“We got him! Thank God, we got him!”
With those words late Friday night, Boston Mayor Thomas Menino captured the spirit of just about everyone in Greater Boston, and really across the nation, upon the capture of accused Boston Marathon bombing terrorist Dzhokhar Tsarnaev in Watertown.
And after the intense, exhaustive manhunt that brought a virtual lockdown of Boston and its immediate — and sent ripple effects up the silent commuter rail lines to Gloucester and Cape Ann — all of the police officers, SWAT teams and National Guard personnel, including police personnel deployed from Gloucester and Cape Ann’s towns as part of two different regional response teams finally had reason to cheer and be cheered.
But Menino’s “We got him” line, trumpeted acoss the top of the Times’ Saturday morning front page, speaks to a much broader “we” than to the thousands of law enforcement personnel who spent days combing the chilling Marathon bombing scene, then — after a surreal chase and firefight in a crowded Watertown neighborhood — going door-to-door in their search for the suspect.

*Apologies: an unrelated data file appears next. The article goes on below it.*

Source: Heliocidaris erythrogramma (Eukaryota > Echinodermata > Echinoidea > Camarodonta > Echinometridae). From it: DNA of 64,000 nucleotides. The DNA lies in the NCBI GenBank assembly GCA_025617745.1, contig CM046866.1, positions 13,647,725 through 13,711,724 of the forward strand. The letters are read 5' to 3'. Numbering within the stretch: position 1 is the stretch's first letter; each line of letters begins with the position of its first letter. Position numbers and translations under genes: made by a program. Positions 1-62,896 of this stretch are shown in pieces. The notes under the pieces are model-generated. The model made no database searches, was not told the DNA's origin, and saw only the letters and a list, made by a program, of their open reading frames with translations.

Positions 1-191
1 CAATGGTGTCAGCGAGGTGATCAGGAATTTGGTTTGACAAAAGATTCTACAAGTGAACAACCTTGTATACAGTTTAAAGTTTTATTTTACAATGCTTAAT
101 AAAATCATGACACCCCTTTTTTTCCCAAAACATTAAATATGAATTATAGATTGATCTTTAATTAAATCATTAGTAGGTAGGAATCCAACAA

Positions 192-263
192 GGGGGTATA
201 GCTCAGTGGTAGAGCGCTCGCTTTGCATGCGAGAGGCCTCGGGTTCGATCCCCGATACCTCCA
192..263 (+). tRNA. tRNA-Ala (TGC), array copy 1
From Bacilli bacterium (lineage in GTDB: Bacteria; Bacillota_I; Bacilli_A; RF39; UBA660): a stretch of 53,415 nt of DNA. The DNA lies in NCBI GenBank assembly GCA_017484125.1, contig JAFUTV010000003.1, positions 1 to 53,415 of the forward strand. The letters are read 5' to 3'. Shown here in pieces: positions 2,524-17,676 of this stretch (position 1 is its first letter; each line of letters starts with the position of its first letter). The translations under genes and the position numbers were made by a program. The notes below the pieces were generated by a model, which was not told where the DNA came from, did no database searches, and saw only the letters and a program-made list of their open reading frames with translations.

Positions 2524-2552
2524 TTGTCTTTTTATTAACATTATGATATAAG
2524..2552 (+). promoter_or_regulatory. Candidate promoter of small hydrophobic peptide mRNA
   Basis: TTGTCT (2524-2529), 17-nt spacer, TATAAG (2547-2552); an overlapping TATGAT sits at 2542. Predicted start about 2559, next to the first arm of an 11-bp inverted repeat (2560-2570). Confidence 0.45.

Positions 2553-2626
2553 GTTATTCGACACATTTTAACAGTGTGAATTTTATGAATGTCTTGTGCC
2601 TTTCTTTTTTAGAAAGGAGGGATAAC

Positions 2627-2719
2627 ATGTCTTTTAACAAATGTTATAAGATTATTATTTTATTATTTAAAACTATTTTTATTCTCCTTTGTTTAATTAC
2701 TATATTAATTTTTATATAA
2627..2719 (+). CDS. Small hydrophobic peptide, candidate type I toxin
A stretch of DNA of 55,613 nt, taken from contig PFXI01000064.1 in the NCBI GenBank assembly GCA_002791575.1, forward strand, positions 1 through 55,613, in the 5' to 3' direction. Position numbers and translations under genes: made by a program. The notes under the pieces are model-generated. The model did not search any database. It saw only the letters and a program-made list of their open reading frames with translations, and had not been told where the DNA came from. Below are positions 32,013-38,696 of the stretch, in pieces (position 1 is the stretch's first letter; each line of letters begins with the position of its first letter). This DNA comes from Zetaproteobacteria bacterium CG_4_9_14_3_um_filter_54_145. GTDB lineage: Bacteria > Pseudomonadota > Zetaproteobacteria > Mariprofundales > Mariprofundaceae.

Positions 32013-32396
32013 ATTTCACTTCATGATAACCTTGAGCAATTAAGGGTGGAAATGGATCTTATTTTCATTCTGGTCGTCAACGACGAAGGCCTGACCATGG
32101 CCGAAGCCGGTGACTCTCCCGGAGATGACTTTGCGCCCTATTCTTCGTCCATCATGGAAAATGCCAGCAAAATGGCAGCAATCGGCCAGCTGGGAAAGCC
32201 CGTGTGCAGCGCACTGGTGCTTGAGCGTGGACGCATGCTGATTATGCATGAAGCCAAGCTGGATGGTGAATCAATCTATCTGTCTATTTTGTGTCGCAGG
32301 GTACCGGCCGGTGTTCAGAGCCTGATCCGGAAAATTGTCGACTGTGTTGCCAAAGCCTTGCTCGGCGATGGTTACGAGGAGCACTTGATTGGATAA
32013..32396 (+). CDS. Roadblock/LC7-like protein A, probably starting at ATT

Despite all of their efforts, let us remember that — just when Friday’s all-day manhunt seemed to be coming up empty, just as officials lifted the “shelter in place” order and the MBTA service shutdown — it was a simple call from a Watertown resident, a call from a man who had been shut in all day, then stepped outside and notice that someone had tampered with his shrink-wrapped boat, that finally led police to their man.
We should never forget that last Monday’s horrific terrorist attacks that were clearly aimed at causing maximum harm not to the world’s elite runners, who passed the finish line hours before the bombings, but to dedicated New Englanders and other Americans who ran for the sport of it, and who were watching their family members, friends and neighbors finish in a day of personal triumph.